While on the Navy staff, Speed was responsible for recruiting in Maryland, D.C., Virginia, Delaware, and New Jersey; however he said his focus will now shift to the Atlanta and Orlando areas. Another change for Speed will be in his primary job. For the past four seasons, Speed coached the secondary at Navy. With Georgia Tech, he will be in charge of the inside linebackers. The former active-duty Marine Corps officer said that he expects the transition in assignments to go smoothly.


"I was fortunate from 2000 to 2003 because I had the opportunity to work with linebacker coaches like Rick Lantz, Keith Jones, and Kevin Kelley. And in the past few seasons, I had the chance to work directly with Coach Green and be exposed to all different dimensions of the defense. I feel comfortable with the (linebacker) position and at the same time look forward to the challenge," said Speed.


Speed's move will be seen by many fans as a step-up in terms of the coaching ranks; however he knows that his new job also comes with a new level of pressure.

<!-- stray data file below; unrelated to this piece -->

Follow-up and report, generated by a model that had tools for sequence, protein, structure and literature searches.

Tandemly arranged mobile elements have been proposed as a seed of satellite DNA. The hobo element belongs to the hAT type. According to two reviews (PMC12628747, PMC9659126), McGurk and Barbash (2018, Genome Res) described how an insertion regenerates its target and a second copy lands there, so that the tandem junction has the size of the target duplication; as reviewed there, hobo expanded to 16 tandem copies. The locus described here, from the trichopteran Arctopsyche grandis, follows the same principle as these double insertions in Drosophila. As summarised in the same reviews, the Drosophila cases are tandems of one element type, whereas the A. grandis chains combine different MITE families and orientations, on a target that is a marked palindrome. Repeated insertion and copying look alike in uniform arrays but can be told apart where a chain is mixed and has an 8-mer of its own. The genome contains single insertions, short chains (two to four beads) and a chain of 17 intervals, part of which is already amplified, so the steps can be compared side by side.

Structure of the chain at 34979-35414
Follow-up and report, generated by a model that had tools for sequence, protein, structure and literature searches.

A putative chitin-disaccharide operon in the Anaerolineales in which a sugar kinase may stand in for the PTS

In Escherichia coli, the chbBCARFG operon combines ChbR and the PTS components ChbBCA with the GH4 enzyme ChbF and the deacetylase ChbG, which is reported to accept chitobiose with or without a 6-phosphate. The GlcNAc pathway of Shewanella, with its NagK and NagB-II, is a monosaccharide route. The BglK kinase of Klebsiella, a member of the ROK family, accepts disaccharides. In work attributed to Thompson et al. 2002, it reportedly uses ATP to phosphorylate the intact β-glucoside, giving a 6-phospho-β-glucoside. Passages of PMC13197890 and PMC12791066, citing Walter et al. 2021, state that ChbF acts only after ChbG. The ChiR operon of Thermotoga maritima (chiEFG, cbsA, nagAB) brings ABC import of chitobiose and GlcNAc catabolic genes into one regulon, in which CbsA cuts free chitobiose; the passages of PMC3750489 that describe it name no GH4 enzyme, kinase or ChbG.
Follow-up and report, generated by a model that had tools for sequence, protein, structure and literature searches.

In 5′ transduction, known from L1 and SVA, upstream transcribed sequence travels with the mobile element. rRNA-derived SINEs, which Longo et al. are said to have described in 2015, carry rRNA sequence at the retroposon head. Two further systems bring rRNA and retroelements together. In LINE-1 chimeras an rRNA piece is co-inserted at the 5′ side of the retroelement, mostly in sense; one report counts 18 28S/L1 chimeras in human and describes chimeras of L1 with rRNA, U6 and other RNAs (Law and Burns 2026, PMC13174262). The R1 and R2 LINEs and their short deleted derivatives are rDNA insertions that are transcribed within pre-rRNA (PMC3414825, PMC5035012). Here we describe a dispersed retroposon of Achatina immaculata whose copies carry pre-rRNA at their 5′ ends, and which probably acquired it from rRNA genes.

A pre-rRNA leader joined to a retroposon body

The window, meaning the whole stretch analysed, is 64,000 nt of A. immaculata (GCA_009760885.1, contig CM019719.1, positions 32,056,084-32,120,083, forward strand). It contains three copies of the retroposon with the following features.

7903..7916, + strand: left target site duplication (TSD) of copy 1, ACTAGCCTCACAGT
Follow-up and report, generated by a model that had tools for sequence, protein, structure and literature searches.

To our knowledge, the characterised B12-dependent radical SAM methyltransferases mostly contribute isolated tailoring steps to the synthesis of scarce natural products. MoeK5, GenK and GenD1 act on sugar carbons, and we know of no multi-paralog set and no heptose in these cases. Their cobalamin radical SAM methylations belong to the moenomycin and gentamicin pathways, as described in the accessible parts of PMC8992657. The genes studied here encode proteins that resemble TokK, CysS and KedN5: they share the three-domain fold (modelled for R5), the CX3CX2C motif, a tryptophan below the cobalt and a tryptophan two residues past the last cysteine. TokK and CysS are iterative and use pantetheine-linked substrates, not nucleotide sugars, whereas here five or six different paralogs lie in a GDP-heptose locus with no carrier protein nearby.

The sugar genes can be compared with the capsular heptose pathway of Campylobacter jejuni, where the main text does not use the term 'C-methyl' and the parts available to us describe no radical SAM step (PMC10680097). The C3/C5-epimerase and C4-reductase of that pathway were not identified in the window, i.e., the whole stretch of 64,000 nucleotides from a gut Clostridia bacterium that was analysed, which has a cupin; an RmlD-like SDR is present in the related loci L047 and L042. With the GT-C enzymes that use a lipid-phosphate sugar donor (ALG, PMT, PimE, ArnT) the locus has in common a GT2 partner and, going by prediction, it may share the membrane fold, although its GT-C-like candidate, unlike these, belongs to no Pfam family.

"The situation at the Naval Academy is one that someone could be very comfortable at for a number of years. There are not a lot of reasons to depart Annapolis. However, the situation at Georgia Tech will help me transition and help me progress as a professional in this business," said Speed.


"(At Georgia Tech) you have the opportunity to play for higher stakes.  But, I realize that the only reason I'm here is because there were some changes…some were voluntary and some were involuntary. I know I have a job to do and if I don't get it done, I understand the consequences. The pressure is on to make sure I do what I need to do to make sure Georgia Tech is successful," he continued.


Speed said that before making this career move that he considered himself to be a lot like other Navy fans who also root for Georgia Tech.


"There are a lot of similarities…both schools are known for their academics. The caliber of recruits is similar in some ways. It's just branches of the same tree with what Coach Johnson built in Annapolis. Now we just have some family members in both places."